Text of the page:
Our Associate Director Andy Phillips is also Director of Therapies and Health Sciences in ABMU, he’s just about to finish his PhD, he’s in the middle of packing for a move to New Zealand, AND he has found time to pilot a ‘Co-creating Health Framework’ which is based on co-pro principles of equality and assets.
The Framework consists of nine elements that can be used by clinicians in establishing a co-creating health interaction with patients. The framework supports clinicians to use all or few of the elements within the interaction and is intended to be iterative rather than prescriptive. Here’s the poster that goes with the Framework, which outlines a very specific role for the clinician:
Within the co-creating health framework, the role of the clinician is to:
- Prepare self and patient for interaction
- Assess the ability of the patient to manage their own health and well being
- Acknowledge patient expertise
- Work collaboratively with both the patient and clinician agenda
- Understand potential outcomes for patient according a number of ‘care aims’
- Ensure patient understands their condition
- Ensure patient understands benefit and dis-benefit of potential options
- Support patient to make decisions about options available to them
- Support the patient in managing their condition
- Provide effective treatment or ensure these are put in place
- Support patient to change their health behaviours where appropriate
- Review patient outcomes and discuss further options as necessary
- Ensure that the patient understands when no further progress towards goals is possible and then discharge or refer on as appropriate
- Understand the likely outcomes for patients by undertaking routine clinical audit and review of the evidence base and findings of clinical research.
- Continuous engagement in service improvement to offer new interactions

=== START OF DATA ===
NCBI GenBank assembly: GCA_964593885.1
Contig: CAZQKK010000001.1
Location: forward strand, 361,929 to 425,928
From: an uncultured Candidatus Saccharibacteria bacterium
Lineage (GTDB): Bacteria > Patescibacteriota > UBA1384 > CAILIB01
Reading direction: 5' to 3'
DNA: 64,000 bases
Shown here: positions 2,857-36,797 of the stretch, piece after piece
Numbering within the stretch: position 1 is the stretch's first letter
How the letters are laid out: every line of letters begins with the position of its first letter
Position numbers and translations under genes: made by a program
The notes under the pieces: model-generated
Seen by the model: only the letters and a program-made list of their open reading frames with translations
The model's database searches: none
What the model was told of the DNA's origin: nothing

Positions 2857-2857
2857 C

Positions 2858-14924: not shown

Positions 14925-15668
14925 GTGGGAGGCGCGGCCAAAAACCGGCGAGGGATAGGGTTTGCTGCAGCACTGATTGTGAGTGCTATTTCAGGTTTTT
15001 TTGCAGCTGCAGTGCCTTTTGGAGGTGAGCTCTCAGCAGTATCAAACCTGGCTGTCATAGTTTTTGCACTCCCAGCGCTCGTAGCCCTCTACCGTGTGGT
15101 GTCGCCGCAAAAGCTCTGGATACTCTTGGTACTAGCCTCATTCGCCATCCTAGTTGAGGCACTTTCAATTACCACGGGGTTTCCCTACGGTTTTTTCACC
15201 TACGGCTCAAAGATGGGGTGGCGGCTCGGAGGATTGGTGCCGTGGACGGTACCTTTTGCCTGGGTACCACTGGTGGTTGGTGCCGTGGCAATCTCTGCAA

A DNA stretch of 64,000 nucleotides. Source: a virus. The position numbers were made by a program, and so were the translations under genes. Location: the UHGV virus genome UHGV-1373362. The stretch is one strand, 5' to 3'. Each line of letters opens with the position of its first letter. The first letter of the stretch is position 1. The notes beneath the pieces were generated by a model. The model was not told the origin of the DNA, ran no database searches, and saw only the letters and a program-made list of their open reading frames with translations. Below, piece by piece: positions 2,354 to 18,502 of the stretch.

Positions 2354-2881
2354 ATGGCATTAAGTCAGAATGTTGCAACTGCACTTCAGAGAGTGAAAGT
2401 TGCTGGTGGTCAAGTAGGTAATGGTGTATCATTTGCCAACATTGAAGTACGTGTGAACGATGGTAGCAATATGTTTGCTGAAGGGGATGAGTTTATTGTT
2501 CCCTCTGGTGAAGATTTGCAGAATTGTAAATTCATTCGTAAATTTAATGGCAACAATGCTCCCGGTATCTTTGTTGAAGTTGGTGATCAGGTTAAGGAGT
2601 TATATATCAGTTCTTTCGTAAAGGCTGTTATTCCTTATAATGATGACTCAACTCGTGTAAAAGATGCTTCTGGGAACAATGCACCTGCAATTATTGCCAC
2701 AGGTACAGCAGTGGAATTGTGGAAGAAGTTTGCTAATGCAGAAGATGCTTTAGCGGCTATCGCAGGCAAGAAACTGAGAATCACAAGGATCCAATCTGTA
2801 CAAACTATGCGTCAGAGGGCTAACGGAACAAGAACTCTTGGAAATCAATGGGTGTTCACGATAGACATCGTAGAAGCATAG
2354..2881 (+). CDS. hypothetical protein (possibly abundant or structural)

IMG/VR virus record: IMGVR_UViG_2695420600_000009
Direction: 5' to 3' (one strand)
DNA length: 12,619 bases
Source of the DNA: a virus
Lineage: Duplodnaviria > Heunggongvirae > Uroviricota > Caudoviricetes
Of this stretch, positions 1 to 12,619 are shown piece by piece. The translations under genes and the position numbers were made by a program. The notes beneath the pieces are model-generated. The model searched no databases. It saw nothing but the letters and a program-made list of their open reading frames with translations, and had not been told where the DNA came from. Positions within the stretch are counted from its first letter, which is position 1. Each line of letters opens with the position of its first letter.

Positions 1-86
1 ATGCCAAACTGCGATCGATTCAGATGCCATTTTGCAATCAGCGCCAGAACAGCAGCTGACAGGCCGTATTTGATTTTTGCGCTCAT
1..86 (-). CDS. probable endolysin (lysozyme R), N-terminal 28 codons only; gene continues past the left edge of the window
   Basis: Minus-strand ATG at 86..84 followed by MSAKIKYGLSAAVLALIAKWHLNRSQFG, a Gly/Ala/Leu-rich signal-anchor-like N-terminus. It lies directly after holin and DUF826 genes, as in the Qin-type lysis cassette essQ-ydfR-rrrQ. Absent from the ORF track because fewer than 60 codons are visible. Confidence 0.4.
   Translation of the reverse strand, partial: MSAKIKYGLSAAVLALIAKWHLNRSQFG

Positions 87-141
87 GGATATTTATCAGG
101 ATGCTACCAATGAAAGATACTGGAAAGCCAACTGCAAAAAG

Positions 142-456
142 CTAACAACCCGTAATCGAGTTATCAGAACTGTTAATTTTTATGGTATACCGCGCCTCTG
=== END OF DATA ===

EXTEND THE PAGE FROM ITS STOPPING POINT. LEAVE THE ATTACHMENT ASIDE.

- Report outcomes of clinical audit to service designers, engage in service redesign activities-particularly to prioritise prevention
So how on earth do we measure it?…
Evaluating co-production: pragmatic approaches to building the evidence base
Catherine Durose, Catherine Mangan, Catherine Needham, James Rees, University of Birmingham
The authors of this 2014 paper suggest that co-production is ‘one of the few positive storylines in the public service narrative of long-term austerity’. They also acknowledge that we still lack compelling evidence base and suggest two reasons: ‘first, the breadth of the term, its lack of programmatic consistency and its focus on relational aspects of process in an era when performance measures focus on outcomes and impact; and second, the shifting parameters of what constitutes evidence-based policy within government, with conflicting messages about the value of qualitative and case study approaches making it hard for people working in co-productive ways to understand what kinds of evidence are required.’ The authors go on to discuss three potential responses to these limitations, with major implications for traditional approaches to the meaning and purpose of ‘evidence’.